Yesterday marked the 148th anniversary of John Wilkes Booth fatally shooting President Abraham Lincoln at a play at Ford’s Theatre in Washington, D.C.
Hours later, while hiding in a pine thicket and waiting to cross the Potomac River unseen, Booth made an entry in his diary: “I have a greater desire and almost a mind to return to Washington and in a measure clear my name. Which I feel I can do.”
For nearly a century and a half, this entry has spurred conspiracy theorists in their quest to prove that Booth was not a lone assassin.
It all began when the assassin’s diary was found on his body when he was killed twelve days after Lincoln’s murder. What happened to that diary shortly after its discovery started a conspiracy theory that has lasted well into the twenty-first century.
In his new book, Hoax: Hitler’s Diaries, Lincoln’s Assassins, and Other Famous Frauds, Ed Steers debunks the many mysteries surrounding Lincoln’s assassination and pays careful attention to Booth’s diary. “[This is] one of history’s more successful hoaxes,” says Steers. “Conspirators have shocked the public into believing a sensational crime.”
Mystery surrounds Booth’s diary. The little book was taken off Booth’s body by Colonel Everton Conger. He took it to Washington and gave it to Lafayette C. Baker, chief of the War Department’s National Detective Police. Baker in turn gave it to Secretary of War Edwin Stanton. Despite its obvious interest to the case, the book was not produced as evidence in the 1865 Conspiracy Trial.
In 1867 the diary was re-discovered in a forgotten War Department file with more than a dozen pages missing. Conspiracy theorists became convinced that the missing pages contained the key to who really was behind Lincoln’s assassination, and several fingers pointed toward Stanton. Support for this theory came about in 1975 when Joseph Lynch, a rare books dealer, claimed to have found the missing pages through one of Stanton’s descendants.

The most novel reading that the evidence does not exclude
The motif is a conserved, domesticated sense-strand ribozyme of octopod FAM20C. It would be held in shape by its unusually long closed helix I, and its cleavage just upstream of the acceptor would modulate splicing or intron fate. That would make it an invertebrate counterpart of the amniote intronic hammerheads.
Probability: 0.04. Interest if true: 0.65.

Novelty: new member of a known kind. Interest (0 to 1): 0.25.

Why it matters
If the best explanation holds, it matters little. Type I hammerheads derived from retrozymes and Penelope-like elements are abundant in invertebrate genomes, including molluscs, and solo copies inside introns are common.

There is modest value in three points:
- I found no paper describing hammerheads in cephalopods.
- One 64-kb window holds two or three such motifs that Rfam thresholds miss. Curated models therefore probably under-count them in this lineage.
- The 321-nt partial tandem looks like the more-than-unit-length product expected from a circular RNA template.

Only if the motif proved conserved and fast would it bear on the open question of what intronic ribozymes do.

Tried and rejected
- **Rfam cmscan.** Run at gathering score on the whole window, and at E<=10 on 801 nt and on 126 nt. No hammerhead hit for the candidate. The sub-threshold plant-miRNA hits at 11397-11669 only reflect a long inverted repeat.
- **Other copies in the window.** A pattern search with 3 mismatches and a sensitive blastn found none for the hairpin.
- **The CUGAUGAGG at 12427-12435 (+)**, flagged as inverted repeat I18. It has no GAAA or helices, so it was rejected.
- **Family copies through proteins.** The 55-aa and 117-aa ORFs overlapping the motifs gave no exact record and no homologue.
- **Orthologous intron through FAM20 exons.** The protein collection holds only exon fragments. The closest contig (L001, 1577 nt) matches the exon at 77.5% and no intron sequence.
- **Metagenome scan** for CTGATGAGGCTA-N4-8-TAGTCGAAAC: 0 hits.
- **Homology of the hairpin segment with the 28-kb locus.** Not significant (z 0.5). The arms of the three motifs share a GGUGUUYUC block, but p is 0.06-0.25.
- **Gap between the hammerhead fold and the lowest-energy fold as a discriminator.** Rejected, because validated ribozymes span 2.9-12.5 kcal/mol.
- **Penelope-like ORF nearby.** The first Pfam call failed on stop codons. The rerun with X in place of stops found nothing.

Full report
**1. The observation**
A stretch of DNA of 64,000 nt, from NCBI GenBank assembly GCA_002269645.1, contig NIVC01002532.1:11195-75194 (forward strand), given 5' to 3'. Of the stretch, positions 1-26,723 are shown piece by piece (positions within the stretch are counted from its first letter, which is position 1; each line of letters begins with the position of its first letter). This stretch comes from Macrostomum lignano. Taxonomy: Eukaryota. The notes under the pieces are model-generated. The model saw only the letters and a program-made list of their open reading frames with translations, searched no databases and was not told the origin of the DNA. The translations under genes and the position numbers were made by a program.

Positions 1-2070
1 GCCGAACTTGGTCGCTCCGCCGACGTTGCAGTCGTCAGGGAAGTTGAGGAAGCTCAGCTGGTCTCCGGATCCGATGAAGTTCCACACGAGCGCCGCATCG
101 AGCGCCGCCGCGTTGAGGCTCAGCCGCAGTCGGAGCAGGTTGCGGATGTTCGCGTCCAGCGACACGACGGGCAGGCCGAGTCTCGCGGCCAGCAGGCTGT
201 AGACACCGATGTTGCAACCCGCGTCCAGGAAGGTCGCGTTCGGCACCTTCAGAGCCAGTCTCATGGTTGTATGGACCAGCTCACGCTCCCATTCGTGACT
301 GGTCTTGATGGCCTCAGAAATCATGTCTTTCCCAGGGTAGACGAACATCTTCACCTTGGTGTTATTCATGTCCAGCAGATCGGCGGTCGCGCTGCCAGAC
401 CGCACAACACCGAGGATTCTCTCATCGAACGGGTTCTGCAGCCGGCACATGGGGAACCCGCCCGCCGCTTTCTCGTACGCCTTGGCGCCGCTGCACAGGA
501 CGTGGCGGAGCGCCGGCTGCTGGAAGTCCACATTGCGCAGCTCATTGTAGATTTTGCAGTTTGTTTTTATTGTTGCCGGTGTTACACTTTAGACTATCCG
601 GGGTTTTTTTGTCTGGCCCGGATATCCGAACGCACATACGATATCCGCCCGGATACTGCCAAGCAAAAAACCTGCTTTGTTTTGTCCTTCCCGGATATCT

Despite the apparent authenticity of Lynch’s claim, his story contained a few missing pages of its own. Over the years there has been endless speculation on those missing pages including rumors that they had surfaced. Nevertheless, they remain officially missing.
Was Lincoln’s death part of a larger conspiracy, or was Booth acting alone? Were the missing pages torn out deliberately by Stanton, or was it someone else who had something to hide? Whether or not the pages contain answers about Lincoln’s assassination, Steers has little doubt that conspiracy theorists will give up on their quest.
“Like other myths associated with Lincoln, the myth of the missing pages will continue to live on, finding new believers in future generations,” Steers says. “As Lincoln once said, ‘You can fool some people all of the time and all of the people some of the time, but you can’t fool all of the people all of the time’—or did he?”
Order Hoax: Hitler’s Diaries, Lincoln’s Assassins, and Other Famous Frauds